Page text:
Situational Awareness Keyword Search

Here’s a cool new way to search for situational awareness articles.

Click on any keyword in the word cloud below and you will be
directed to a list of articles related to that topic.

 

 

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Situational Awareness and Accountability

Accountability1Recently I was provided with the opportunity to present a webinar for Firehouse. The webinar was sponsored by Scott Safety. The program addressed the situational awareness/accountability connection. Thank you to Firehouse and Scott Safety for the opportunity to discuss this important topic. This article will summarize the presentation and will include a link where you can go and listen to the webinar (link will be active for one year).

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Posted in Accountability, Communications, Decision Making, Emotions, human factors, Intuition, Mental Models, Neuroscience, Predicting, Risk Assessment, Situational awareness, size-up | Tagged , , , , | Leave a comment

Episode 34 – Firefighting: It’s a whole new ballgame

Situational Awareness Matters Radio

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This episode discusses the long-term impact of the economic downturn of 2008 on fire department staffing and how strategy and tactics should be adjusted to the “new normal.” In the near-miss segment, we discuss freelancing at a residential dwelling fire and one officer’s actions directed toward correcting the misbehavior.

Length: 43 minutes

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Posted in Accountability, Close Call Survivor, Communications, Crew Resource Management, Culture, Decision Making, Emotions, expectations, Fear, firefighter situational awareness, Human Behavior, Leadership, Mental Models, Multitasking, Personnel location, Risk Assessment, Safety, Situational awareness, Situational Readiness, Staffing, Standard Operating Procedures/Guidelines, Teamwork, Workload Management | Tagged , , , , , , , , , , | Leave a comment

Missing puzzle pieces

HalfEmptycartoonThe formation of situational awareness begins with perception. What you perceive becomes the foundation for understanding. What you understand then becomes the primer for prediction: Perception – Understanding – Prediction. This is how situational awareness is formed. Let’s explore one of the barriers to situational awareness that can occur if you shortcut the size-up process.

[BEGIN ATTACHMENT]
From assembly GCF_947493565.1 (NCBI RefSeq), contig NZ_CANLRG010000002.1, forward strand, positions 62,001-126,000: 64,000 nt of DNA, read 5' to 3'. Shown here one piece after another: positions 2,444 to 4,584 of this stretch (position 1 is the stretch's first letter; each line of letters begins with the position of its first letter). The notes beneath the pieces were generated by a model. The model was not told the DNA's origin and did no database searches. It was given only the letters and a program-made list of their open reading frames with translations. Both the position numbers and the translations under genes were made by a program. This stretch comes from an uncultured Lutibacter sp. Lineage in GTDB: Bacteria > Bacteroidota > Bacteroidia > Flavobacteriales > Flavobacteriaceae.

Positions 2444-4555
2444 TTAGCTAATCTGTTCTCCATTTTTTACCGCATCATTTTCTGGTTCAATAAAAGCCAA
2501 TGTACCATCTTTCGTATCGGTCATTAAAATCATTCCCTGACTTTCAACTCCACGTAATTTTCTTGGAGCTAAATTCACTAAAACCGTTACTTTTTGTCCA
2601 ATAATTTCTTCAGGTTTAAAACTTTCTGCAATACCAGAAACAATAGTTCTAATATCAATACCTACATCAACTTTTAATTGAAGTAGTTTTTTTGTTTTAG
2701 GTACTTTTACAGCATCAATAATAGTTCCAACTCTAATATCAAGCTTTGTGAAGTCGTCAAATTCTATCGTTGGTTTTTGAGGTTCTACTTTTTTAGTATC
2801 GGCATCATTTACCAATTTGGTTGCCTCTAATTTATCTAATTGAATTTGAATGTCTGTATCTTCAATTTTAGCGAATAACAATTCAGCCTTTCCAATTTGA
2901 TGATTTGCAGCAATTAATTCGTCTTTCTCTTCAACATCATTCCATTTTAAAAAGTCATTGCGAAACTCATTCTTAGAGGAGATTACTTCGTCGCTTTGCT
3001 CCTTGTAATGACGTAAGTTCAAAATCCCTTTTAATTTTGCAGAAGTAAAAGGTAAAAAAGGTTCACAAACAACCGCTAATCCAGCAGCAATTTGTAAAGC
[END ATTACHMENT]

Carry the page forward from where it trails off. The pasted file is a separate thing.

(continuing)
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Posted in Accountability, Auditory exclusion, Decision Making, expectations, human factors, Intuition, Predicting, Repetition, Training | Tagged , , , , , , | Leave a comment

Episode 33: A double close call at a residential dwelling fire

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Adam FarrarWadesville Fire Department Deputy Chief Adam Farrar recounts a residential dwelling fire that resulted in two close call events for members operating at the scene.

Length: 43 minutes

On January 14, 2010 the Wadesville Fire Department was dispatched to a residential dwelling fire. Deputy Chief Adam Farrar served as the incident commander.

During the incident, a crew on the interior attack nearly fell into the basement through a burned out floor and then a second narrowly escaped off the roof before it gave way under the strain of fire in the attic.

Some takeaways from the interview include:

  • The need to complete a thorough 360-degree size-up to form situational awareness about what is burning and where the fire is located.
  • Ensuring haste does not compel a firefighting crew to rush into a situation that could otherwise prove catastrophic.